Currently, the United States imprisons more than 2.3 million of its citizens.This incarceration rate means that 1 out of every 100 United States citizens is in jail.
Since we already imprison people at a rate that some estimate is 10 times that of other Western democracies, I would suggest that it’s time to stop criminalizing trivial infractions. For example, it’s hard to believe that jurors are being jailed for using social media during trials. And no, I am not making this up.
Last month, a Florida juror in a personal injury case was sentenced to 3 days in jail for contempt of court. His transgression? Sending a Facebook “friend” request to a defendant in the case.
In another case, during the summer of 2011, a Texas man sent a “friend” request to the plaintiff in the personal injury lawsuit for which he was a juror. After learning of his actions, the court sentenced him to 2 days of community service.
Most recently, in New Jersey, in a criminal case where a jury foreman conducted Internet research about the case, the judge held in contempt of court and fined him $500. In his Order, Superior Court Judge Peter E. Doyne suggested that Internet-based tools were such a danger to a fair and impartial trial that the Model Criminal Jury Charges needed to be revised to include possible punishments for noncompliance with judicial instructions.
The court wrote: “(T)his court rejects the notion the American courtroom, with its constraints and controls developed over the centuries, with its methodical and deliberate means of proceeding, is somehow incompatible with or outdated in today’s world of high-speed information on demand. Indeed, the proliferation of electronic information renders the sterilized atmosphere of a courtroom even more important … To better communicate the importance of obedience to the court’s instructions, it may be appropriate to further explain reasons for the prohibition on juror research and, even, possible punishments for disobedience.”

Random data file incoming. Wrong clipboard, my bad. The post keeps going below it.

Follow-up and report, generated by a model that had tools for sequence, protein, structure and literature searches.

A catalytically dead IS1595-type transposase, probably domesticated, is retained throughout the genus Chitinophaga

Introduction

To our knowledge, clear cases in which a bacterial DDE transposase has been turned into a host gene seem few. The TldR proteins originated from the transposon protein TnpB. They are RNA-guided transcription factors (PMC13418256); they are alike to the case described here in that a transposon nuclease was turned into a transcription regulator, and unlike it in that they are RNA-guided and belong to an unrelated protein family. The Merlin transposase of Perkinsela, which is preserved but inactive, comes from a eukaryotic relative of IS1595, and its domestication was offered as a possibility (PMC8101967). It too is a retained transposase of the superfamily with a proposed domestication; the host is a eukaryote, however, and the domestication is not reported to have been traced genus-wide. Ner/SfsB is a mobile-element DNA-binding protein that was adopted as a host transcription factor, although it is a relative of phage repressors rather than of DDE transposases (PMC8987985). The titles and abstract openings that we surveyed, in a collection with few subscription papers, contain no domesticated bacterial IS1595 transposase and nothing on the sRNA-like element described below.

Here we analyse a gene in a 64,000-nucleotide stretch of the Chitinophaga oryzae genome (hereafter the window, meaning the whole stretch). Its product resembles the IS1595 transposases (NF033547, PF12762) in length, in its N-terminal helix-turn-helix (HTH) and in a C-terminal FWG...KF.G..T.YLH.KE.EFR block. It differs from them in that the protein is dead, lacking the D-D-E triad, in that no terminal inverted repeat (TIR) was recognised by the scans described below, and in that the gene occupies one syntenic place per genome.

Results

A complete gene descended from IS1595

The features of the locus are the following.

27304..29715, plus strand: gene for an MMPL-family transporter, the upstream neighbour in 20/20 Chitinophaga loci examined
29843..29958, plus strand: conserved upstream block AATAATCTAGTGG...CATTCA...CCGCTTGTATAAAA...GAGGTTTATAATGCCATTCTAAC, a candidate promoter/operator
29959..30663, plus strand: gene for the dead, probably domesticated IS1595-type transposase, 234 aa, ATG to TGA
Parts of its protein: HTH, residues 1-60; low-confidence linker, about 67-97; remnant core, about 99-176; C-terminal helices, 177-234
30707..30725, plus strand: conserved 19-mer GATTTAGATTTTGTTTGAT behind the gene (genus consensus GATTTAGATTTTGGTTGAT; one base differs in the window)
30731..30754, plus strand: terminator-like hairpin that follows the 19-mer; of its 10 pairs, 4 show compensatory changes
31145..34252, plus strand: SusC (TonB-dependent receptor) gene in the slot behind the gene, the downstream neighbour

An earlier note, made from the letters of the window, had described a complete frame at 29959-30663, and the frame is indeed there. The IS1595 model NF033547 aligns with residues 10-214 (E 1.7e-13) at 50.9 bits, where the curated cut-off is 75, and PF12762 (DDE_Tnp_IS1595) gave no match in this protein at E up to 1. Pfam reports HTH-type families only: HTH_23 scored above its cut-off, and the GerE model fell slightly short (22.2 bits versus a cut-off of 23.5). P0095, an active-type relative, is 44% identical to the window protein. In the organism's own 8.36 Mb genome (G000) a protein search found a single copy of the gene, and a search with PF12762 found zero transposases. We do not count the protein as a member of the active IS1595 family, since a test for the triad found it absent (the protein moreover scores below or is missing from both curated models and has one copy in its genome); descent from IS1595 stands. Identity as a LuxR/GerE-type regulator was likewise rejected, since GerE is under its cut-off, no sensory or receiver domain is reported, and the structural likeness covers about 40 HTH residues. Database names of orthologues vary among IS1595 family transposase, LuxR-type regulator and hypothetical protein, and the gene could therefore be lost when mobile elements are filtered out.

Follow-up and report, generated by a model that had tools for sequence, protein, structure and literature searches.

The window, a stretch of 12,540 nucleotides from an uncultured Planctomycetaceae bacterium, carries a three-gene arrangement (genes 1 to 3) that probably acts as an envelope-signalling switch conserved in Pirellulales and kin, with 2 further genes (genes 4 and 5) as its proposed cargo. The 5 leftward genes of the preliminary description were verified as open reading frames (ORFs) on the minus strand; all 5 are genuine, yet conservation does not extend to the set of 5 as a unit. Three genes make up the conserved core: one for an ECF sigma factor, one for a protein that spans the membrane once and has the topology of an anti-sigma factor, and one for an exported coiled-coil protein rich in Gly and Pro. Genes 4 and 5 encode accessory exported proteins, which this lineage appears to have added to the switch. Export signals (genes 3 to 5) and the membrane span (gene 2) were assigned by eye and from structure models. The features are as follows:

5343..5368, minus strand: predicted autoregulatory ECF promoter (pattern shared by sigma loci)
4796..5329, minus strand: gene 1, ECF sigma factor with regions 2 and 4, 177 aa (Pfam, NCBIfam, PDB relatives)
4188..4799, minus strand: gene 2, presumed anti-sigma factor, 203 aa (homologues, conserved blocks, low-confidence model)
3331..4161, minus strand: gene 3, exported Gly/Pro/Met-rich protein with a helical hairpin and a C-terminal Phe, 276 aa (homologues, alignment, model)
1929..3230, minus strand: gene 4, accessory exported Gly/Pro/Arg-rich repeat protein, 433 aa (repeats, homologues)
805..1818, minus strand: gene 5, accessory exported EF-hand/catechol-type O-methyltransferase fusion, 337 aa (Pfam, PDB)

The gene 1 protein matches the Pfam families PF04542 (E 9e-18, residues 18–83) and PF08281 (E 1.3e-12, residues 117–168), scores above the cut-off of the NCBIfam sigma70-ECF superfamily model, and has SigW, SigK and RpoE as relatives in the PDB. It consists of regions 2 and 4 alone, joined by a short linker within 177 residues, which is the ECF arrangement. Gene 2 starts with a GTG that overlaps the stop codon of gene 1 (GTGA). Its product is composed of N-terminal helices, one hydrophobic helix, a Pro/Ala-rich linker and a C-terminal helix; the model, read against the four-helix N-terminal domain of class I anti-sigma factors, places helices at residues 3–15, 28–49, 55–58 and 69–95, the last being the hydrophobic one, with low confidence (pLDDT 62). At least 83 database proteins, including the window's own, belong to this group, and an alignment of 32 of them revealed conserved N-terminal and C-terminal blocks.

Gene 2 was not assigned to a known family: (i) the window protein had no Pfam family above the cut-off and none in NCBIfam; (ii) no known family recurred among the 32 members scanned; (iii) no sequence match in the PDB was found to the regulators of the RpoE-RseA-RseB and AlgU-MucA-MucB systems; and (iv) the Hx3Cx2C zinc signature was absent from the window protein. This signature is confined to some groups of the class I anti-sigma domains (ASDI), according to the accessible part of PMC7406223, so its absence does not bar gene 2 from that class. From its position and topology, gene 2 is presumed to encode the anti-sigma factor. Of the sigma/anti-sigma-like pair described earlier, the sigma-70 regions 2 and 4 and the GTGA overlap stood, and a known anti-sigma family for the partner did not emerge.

Yes, you read that correctly. This judge is suggesting that because the medium for juror misconduct has changed, we should now punish jurors who are simply doing what jurors have been doing since the dawn of jury trials: violating court prohibitions against conducting research or discussing the issues presented at trial.
The only difference is that jurors are now using newfangled technology and “the Internets” instead of reading the newspaper, conducting research via the library or an encyclopedia, or discussing the case with spouses or neighbors.
Juror conduct hasn’t changed. What has changed is the medium through which the jurors are violating the court order. The Internet and mobile devices simply make information more easily accessible and more easily disseminated, but the information has always been available for the taking and the ability to share it has likewise always existed.
To suggest that harsher penalties should be imposed for juror misconduct occurring via the Internet is nothing more than a knee jerk reaction to technological change cloaked in purported concern for the sanctity of the judicial system.
Jurors behaving in a predictably human fashion is nothing new. What is notable is the reaction of judges unwilling to accept change. Upping the ante for digital curiosity and imposing jail time, community service and fines for online research and discussion while failing to impose the same sanctions for similar offline misconduct is nothing less than outrageous.
Like it or not, the 21st century is here. Computers, the Internet and mobile devices aren’t going away. Unless you happen to possess a time machine, there’s no going back. So, enough already. Stop the Luddite insanity and accept reality.
Nicole Black is of counsel to Fiandach & Fiandach in Rochester and is a GigaOM Pro analyst. She is the author of the ABA book Cloud Computing for Lawyers, co-authors the ABA book Social Media for Lawyers: the Next Frontier, and co-authors Criminal Law in New York, a West-Thomson treatise. She is the founder of lawtechTalk.com and speaks regularly at conferences regarding the intersection of law and technology. She publishes four legal blogs and can be reached at firstname.lastname@example.org.